Colleges and universities have experienced increases in students seeking counseling services over the last five years, with a record-high 52.7 percent of students self-reporting feelings of hopelessness, according to studies published by the American Psychological Association (APA).
A study by the Center for Collegiate Mental Health analyzed data from 139 college counseling centers, describing 150,483 unique college students. The report found that since 2010, there has been a 3.7 percent increase in students engaging in self-injurious behavior, a 9.4 percent increase in suicidal ideation and a 1.4 percent increase in suicide attempts.
Counseling services are now routinely seen offered on college campuses for those seeking help. Counseling and Psychological Services (CAPS) at California Lutheran University offers unlimited sessions for full-time students.
Elisabeth Turner, outreach coordinator for CAPS, said in an email interview that the number of sessions a student will attend is based on an open conversation with a therapist so they can adequately address their therapeutic needs and goals.
CAPS has a list of off-campus referrals to different programs or levels of care that are provided to students based on their needs, such as an outpatient program or hospitalization as needed, Turner said.
Jeremy Hoffman was a student at Cal Lutheran before becoming an Academic Services student success counselor at the university. He recommends CAPS to students when he sees they are overwhelmed with the complex demands of juggling responsibilities.
“As a student, I struggled for a long time with anxiety and depression before I finally got help at CAPS. I was afraid to go in initially, but I knew it was the right thing to do after my first appointment,” Hoffman said. “Confronting my fear of shame and the stigma associated with getting help allowed me to learn about how to take better care of myself, which made me a more successful student.”
Cal Lutheran students seeking a non-emergency appointment may have a wait time of up to two weeks to get scheduled with CAPS, according to Echo inquiries. Students in crisis may be able to be seen in the office the same day.
Turner said part of this discrepancy is caused by the percentage of students requiring sessions outnumbering available therapists. While CAPS would like to expand their therapeutic staff, Turner said “there are always budgetary and resource restrictions that do not always allow this to happen.”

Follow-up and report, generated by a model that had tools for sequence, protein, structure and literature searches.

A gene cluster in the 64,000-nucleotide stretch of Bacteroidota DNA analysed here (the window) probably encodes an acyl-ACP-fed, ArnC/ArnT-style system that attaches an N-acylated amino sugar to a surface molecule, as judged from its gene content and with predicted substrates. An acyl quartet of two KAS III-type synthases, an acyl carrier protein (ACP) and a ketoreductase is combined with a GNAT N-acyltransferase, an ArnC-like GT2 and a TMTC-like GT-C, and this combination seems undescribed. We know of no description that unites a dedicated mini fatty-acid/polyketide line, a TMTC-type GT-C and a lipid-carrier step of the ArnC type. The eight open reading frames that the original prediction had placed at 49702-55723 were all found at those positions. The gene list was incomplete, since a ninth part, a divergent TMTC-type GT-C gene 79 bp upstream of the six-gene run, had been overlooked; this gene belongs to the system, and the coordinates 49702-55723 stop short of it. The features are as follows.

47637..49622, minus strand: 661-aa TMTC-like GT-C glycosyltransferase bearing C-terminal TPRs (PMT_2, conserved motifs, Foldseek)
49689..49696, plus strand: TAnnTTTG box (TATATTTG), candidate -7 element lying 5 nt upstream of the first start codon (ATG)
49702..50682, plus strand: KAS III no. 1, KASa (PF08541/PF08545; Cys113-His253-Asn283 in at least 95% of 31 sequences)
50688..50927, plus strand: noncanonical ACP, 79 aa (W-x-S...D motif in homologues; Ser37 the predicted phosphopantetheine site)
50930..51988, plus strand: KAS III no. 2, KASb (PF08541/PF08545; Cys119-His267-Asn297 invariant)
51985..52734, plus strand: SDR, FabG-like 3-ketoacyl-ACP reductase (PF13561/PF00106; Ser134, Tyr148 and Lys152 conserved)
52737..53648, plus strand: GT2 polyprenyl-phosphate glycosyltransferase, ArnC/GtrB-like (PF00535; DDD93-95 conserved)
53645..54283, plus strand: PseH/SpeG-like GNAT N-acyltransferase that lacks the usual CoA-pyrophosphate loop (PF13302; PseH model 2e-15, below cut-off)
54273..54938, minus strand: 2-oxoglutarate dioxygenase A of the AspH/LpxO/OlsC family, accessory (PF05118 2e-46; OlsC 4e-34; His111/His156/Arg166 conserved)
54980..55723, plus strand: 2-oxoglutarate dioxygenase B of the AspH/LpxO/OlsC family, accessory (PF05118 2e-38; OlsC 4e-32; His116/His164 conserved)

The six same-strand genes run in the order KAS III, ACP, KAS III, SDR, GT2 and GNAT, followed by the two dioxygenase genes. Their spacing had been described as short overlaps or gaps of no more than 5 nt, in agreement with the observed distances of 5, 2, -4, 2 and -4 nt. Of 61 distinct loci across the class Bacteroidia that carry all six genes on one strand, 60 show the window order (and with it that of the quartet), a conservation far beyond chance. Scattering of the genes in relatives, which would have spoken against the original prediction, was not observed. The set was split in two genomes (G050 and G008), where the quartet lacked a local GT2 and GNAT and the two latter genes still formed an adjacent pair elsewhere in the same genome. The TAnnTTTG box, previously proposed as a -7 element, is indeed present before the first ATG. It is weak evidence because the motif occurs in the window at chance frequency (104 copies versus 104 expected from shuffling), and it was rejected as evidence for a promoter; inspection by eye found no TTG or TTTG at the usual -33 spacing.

The CAPS office currently has two full-time clinicians, a post-doctoral resident, a part-time clinician and a temporary part-time clinician who take appointments with students and this year added a part-time staff member. At full capacity, CAPS could see up to 24 students in a day, though it is usually less, Turner said.
Meanwhile, the demand for therapeutic services continues to increase. Last academic year, CAPS served 350 students, which is about 8 percent of the Cal Lutheran student body. The national average is 14 percent for university counseling centers.
Alexa Wage is a licensed marriage and family therapist working on building a private practice. She said there has always been a need for college students to receive counseling, but now society finally recognizes the need and is trying to address it.
“If therapy is promoted and talked about among college students as much as hitting the university gym three times per week, our future society will be in the hands of a more reflective, empathetic and patient generation,” Wage said. “Now more than ever we need our world to be filled with people who have these qualities and skills.”
Wage said college age is a critical time in a person’s life when the prefrontal cortex, the region of the brain responsible for complex thoughts, decision making, social interactions and personality expression, becomes more fully developed.
“That’s a lot of very important brain functions that I wouldn’t want to interfere with their development. But it’s inevitable for there to be interference,” Wage said.
Wage also said college is the time when young people are experiencing a lot of stress. She listed the pressure of a first significant romantic relationship, being faced with the choice to use substances, living without of the comforts of home, having to make independent financial choices and living alone for the first time as contributing factors to student mental health issues.
Wage said that therapy and counseling gives individuals the space to safely explore all the options that face them.
“What is even better is therapy can help hold us accountable for what wrong decisions we do make and help us to grow from it so that we don’t repeat them,” Wage said.
Each institution has differing eligibility requirements for therapeutic sessions, though most offer a limited number of counseling sessions for free to enrolled students. Supervised post-doctoral residents often complete the hours required for state licensure while working in these offices as counselors.
At California State University Northridge (CSUN), there is no specific limitation to the number of free individual counseling sessions students are eligible for. However their website states that “if a student’s concerns or situation require longer-term therapy, referrals will be provided for off-campus resources.”
Moorpark Community College offers six free mental health counseling sessions per semester for students concerned about their wellness before they make off-site referrals.
Updated 3/12/18 at 6:33 p.m. Elisabeth Turner’s name was previously misspelled and information regarding the amount of full-time clinicians has been updated.